What is the best way to fight winter viruses?

COVID no longer makes the daily headlines, but like the flu and other common viruses, it hasn't gone away.

"I'm seeing a lot of COVID," said Dr. Zoheb Osman, DO, of AdventHealth Medical Group Family Medicine in Hinsdale. He said patients are presenting with a wide variety of symptoms, including sore throat, earaches and loss of taste and smell.

Thankfully, Osman said, the symptoms tend to be mild in most people. That's because as the COVID virus continues to mutate, it grows weaker. It also becomes more easily spread, and therefore, more prevalent.

COVID, colds and flu tend to peak in fall and winter. Getting vaccinated against COVID and flu can help keep people healthy.

"I do recommend that people get their flu shot," said Osman, as well as a COVID booster if needed. Currently, a COVID booster is recommended every six months. Eventually, Osman said, he hopes to see the vaccine become an annual shot, like the flu shot.

"It doesn't prevent the infection," he said, but will make symptoms milder if the virus is contracted. It's fine to get both at the same appointment, he said.

"I just recommend getting one in each arm."

While the COVID vaccine won't prevent a person from contracting the virus, it will keep symptoms from becoming severe, Osman said.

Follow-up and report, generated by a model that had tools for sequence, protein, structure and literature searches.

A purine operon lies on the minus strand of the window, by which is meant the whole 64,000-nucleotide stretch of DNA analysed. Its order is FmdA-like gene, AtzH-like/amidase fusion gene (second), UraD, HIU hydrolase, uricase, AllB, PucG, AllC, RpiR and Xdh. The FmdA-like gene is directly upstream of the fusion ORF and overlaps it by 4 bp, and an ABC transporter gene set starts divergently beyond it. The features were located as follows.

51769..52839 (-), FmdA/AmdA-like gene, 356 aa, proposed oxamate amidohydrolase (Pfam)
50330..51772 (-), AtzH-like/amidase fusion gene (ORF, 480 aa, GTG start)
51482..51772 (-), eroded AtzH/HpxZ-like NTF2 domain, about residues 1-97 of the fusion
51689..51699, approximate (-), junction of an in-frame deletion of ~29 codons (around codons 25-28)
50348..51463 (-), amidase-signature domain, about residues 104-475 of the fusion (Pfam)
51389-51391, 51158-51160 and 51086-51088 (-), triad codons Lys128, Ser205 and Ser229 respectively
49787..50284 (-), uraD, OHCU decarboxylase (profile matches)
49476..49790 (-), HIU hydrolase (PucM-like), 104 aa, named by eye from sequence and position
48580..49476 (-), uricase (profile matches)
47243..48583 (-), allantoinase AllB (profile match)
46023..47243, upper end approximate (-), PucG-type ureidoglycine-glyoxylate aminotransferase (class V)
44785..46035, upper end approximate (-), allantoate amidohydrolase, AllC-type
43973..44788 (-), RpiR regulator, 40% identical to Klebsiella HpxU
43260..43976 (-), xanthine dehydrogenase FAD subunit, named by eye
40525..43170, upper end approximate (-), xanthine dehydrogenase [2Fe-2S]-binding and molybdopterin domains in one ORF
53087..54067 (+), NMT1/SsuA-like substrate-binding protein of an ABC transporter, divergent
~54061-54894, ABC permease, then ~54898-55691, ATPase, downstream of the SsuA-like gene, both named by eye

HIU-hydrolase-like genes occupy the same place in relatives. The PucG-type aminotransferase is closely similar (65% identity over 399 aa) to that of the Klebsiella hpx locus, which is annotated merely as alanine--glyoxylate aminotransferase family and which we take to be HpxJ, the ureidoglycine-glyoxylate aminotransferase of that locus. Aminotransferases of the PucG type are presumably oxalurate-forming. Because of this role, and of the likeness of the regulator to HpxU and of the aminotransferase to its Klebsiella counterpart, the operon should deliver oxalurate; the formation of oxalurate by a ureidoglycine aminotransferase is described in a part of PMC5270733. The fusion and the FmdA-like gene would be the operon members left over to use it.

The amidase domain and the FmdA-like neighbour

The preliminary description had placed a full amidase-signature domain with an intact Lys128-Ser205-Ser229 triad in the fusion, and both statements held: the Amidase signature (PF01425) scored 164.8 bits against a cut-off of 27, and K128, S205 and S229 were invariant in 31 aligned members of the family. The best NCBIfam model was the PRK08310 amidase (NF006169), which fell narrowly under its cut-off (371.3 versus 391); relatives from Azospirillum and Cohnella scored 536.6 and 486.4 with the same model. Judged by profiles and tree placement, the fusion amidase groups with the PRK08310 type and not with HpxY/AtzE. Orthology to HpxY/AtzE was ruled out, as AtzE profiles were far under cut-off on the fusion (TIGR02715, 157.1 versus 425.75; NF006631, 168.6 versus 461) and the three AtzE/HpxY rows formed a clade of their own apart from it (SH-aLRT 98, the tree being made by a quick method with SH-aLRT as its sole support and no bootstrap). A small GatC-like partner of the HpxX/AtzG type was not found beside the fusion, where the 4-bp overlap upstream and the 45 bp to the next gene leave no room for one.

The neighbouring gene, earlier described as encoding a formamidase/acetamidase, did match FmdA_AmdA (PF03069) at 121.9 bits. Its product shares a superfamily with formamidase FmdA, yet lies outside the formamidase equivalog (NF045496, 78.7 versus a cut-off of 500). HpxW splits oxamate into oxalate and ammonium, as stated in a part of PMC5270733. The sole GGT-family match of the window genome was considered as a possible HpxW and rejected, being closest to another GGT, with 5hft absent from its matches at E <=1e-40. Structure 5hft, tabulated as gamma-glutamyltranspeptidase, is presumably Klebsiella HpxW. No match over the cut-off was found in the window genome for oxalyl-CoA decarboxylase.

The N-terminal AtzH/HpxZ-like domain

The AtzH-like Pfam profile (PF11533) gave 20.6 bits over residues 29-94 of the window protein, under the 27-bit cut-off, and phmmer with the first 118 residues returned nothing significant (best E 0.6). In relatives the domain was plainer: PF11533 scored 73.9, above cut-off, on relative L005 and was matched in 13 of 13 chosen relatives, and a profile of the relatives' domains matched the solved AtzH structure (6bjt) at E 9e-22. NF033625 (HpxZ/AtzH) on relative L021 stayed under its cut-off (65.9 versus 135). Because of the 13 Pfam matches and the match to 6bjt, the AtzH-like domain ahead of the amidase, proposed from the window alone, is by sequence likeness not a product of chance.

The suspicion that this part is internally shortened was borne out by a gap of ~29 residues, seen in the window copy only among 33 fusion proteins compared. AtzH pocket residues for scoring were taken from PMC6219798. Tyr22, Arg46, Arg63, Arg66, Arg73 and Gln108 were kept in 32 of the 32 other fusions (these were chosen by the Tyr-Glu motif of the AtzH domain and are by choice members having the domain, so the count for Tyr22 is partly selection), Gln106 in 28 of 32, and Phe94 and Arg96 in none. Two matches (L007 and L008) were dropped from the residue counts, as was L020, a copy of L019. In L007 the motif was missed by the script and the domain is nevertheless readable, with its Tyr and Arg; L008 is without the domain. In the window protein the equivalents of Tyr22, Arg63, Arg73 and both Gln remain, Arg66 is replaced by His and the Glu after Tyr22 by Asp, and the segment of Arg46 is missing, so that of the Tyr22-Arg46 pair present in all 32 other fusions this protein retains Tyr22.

COVID, cold and flu aren't the only viruses lurking about this time of year. As people with cold and flu-like symptoms enter his office, Osman often performs a triple-swab test to look for flu, COVID and respiratory syncytial virus, also known as RSV. RSV is particularly dangerous to young children, some of whom will require hospitalization.

"Adults are asymptomatic carriers," he said.

Along with testing, adults can help to protect the young people in their lives by frequently washing their hands, and by encouraging children to do so, too. When hand washing isn't an easy option, hand sanitizer is.

"It's just another way to effectively prevent transmission," he said.

And because young children tend to put everything in their mouths, it's a good idea to wash toys and other frequently touched surfaces often.

After hand washing and covering sneezes and coughs, Osman said communication is the next important tool in the winter wellness toolbox. If someone in the family becomes ill, tell those who might have been exposed, Osman said. It's also important to stay home if you're sick.

Osman suggests keeping COVID test kits on hand, and using them whenever someone has a fever higher than 100.4 degrees, a sore throat or loss of taste or smell. A negative test should be repeated each day for several days, and a positive test should be shared with everyone with whom the infected person has had contact.

"It's a new way of life," Osman said, and one that isn't likely to go away.

That new way of life includes an inherent risk of infection in any gathering of people, and with the holidays approaching, those gatherings are likely to become more frequent.

But Osman said a few precautions, such as frequent hand washing and staying home when you don't feel well, can keep the season bright for everyone.

"Don't lose the holiday spirit," he said, "But be safe."

- by Sandy Illian Bosch

Author Bio

Sandy Illian Bosch is a contributing writer to The Hinsdalean